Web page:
(CN) – Today most hyenas are pictured hunting and scavenging in Asian and African ecosystems, but a recent discovery of fossil teeth tells a much different story about their pre-ice age range.
The study published Tuesday in the journal Open Quaternary reveals that two ice age fossil teeth discovered in Yukon Territory in Canada belonged to the so-called “running hyena” Chasmaporthetes. Paleontologists, who recovered the teeth in the 1970s, tentatively thought them to belong to hyenas, but the new paper is the first to confirm the fossils’ identity and report on them in detail.
The newly described fossils are important in part because they provide the first proof of ancient hyenas living in Beringia and fill an important knowledge gap on how hyenas reached North America. Chasmaporthetes fossils had been found as far north as Mongolia in Asia and the southern United States in North America, with no sites in between.
“Fossils of this genus of hyenas had been found in Africa, Europe and Asia, and also in the southern United States. But where and how did these animals get to North America? The teeth we studied, even though they were just two teeth, start to answer those questions,” according to first author Dr. Jack Tsen,g an assistant professor of pathology and anatomical sciences at the Jacobs School of Medicine and Biomedical Sciences at University of Buffalo.
The 1970s paleontological expeditions took place in the remote Old Crow River region in northern Yukon Territory, where Richard “Dick” Harington, Gerry Fitzgerald and Charlie Thomas discovered one tooth and Brenda Beebe and William Irving found the other. The specimens were then tucked away in the collections of the Canadian Museum of Nature near Ottawa, Ontario, along with 50,000 other fossils recovered in the last century from that same area.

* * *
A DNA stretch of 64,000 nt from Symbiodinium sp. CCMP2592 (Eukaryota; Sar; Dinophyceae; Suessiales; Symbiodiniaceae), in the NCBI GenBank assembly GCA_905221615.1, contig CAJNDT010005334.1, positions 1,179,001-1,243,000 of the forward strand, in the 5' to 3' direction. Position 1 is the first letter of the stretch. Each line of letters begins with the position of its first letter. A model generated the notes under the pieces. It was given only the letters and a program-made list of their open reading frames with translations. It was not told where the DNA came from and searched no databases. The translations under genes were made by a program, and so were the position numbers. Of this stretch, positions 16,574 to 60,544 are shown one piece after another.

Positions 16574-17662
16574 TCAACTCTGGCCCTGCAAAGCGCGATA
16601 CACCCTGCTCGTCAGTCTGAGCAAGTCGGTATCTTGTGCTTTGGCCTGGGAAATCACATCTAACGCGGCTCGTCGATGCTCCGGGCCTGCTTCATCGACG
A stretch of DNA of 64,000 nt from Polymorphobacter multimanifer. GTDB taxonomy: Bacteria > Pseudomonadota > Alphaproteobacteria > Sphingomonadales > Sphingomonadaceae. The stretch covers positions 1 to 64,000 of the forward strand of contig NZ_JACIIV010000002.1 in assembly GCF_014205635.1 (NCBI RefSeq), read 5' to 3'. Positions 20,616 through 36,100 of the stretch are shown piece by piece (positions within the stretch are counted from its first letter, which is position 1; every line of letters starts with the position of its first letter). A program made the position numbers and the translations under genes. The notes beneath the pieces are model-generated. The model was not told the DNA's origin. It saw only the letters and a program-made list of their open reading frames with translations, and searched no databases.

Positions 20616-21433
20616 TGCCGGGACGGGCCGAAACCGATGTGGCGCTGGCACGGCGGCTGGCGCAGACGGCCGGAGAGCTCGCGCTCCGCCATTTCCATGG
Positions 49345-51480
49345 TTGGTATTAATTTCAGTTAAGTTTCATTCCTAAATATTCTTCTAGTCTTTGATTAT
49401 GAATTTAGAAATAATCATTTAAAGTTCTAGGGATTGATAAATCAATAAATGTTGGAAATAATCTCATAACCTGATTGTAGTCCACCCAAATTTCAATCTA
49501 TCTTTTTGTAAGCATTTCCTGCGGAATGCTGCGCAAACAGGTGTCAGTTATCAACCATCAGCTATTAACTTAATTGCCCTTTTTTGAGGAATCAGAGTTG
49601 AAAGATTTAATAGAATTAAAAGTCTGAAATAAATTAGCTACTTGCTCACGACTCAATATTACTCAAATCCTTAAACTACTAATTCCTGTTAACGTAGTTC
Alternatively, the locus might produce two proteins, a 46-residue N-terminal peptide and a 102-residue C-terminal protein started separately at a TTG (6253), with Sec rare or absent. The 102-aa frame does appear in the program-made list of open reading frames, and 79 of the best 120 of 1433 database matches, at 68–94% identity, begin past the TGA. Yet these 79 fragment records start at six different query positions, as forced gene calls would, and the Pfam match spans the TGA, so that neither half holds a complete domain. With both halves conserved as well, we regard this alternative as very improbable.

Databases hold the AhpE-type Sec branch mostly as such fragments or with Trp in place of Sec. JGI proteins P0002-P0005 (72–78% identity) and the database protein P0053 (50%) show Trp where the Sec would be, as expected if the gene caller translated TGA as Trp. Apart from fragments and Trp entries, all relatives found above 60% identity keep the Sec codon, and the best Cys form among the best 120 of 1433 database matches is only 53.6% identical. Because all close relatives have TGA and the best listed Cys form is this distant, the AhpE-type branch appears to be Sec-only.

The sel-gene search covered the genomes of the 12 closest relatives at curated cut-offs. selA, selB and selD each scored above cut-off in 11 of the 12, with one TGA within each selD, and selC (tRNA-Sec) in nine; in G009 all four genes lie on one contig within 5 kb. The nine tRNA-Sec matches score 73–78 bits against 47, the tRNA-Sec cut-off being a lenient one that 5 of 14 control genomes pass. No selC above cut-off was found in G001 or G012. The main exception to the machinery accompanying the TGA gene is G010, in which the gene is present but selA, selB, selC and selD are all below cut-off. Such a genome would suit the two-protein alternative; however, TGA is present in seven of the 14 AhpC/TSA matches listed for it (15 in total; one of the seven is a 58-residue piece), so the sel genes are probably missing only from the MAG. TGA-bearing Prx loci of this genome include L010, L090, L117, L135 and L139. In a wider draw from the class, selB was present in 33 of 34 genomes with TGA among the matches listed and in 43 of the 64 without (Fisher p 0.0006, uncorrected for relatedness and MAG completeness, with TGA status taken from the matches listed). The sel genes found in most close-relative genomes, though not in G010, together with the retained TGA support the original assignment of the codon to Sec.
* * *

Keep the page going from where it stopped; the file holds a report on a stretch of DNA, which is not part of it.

The teeth captured Tseng’s attention when he re-discovered decades-old notes by study co-author Lars Werdelin, a paleontologist in the Swedish Museum of Natural History. Tseng drove to Ottawa from Buffalo in February 2019 to view the specimens where he was able to identify the teeth as belonging to the genus Chasmaporthetes.
Tseng estimates the age of the teeth to be between about 1.4 million and 850,000 years old, with ages more likely closer to the older figure. However, because the earliest known hyena fossils on the continent date back about 5 million years, Tseng believes it’s likely the first hyenas crossed into North America long before the animals to which the teeth belong.
“Our previous understanding of where these far-ranging hyenas lived was based on fossil records in southern North America on one hand, and Asia, Europe and Africa on the other,” Tseng said. “These rare records of hyenas in the Arctic fill in a massive gap in a location where we expected evidence of their crossing between continents, but had no proof until now.”
Study authors believe that ancient hyenas likely entered North America via the Beringia land bridge, an area including Alaska and the Canadian Yukon Territory, that connected Asia with North America during periods of low sea levels. From there the animals likely made their way south all the way to Mexico.
“It is amazing to imagine hyenas thriving in the harsh conditions above the Arctic Circle during the ice age,” study co-author and Yukon province paleontologist Dr. Grant Zazula said. “Chasmaporthetes probably hunted herds of ice age caribou and horses or scavenged carcasses of mammoths on the vast steppe-tundra that stretched from Siberia to Yukon Territory.”
Though there are only four living species of hyena today – three bone-crushing species and the ant-eating aardwolf. Ancient hyenas, though, had a more diverse family history including many dozens of species found across the Northern Hemisphere. Hyenas disappeared from North America before the first people arrived and the reasons for their extinction between 1 million and 500,000 years ago remain unknown.